You would not be pulled towards the nearby shell, because it is exactly counterbalanced by the pull of the larger amount of the shell which is on the other side of you (but farther away).

Apparently, Isaac Newton deduced this result - but then he had to invent new physics (universal law of gravitation) and a whole new branch of mathematics (differential equations) to do the calculations. A bright cookie.

Quote from: Alan McDougall
I did say the shell was 2,000 kilometers thick?
The result is independent of the thickness of the shell.

Thus if you were unlucky to be one of its citizens, then to get around you would basically have to float from point to point?
 

Offline JohnDuffield

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Re: How would gravity behave inside a hollow Earth?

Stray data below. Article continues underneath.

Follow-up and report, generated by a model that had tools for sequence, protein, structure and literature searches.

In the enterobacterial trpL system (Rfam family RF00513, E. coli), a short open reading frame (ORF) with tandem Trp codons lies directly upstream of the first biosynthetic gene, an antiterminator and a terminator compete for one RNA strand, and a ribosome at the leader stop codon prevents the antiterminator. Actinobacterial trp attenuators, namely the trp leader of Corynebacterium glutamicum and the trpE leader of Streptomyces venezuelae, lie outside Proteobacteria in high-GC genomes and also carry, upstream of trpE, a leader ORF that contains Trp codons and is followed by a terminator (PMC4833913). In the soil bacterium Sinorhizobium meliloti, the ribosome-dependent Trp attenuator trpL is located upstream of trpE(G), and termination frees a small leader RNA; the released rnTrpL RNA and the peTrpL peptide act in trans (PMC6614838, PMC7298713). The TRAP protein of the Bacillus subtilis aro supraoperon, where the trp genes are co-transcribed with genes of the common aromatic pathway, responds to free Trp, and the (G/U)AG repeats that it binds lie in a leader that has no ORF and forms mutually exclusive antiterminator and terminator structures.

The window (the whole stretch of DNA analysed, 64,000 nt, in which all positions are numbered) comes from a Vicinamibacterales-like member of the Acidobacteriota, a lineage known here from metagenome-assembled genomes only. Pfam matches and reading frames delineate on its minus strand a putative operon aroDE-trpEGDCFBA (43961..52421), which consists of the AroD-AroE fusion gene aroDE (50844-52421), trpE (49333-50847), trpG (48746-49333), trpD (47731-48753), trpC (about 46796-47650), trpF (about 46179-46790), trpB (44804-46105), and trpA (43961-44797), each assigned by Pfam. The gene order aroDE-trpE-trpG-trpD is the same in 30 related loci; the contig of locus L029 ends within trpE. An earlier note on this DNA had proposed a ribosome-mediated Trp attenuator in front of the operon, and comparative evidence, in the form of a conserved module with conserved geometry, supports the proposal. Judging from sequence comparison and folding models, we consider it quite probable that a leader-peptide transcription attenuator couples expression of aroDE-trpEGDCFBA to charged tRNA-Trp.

« Reply #6 on: 03/06/2016 13:35:46 »
If you hollowed out the earth and left a 2,000 kilometre-thick "shell", how would an entity living inside get around? Would he be able to walk on the inside of the shell, or would he just float somewhere near the centre? How would gravity behave inside a hollow sphere like this? What do you think?
Like evan said, there's no gravity to speak of. So assuming the void is filled with air, the entity would "fly" or "swim" or otherwise propel itself through the air. The situation would be akin to the ocean, where fish are largely unaffected by gravity.
 

Offline chris

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Re: How would gravity behave inside a hollow Earth?
« Reply #7 on: 03/06/2016 17:17:37 »
You would not be pulled towards the nearby shell, because it is exactly counterbalanced by the pull of the larger amount of the shell which is on the other side of you (but farther away).

I think the same maths and conclusion is true of the gravitational field within a "chord" cut through a sphere...
 

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Re: How would gravity behave inside a hollow Earth?
« Reply #7 on: 03/06/2016 17:17:37 »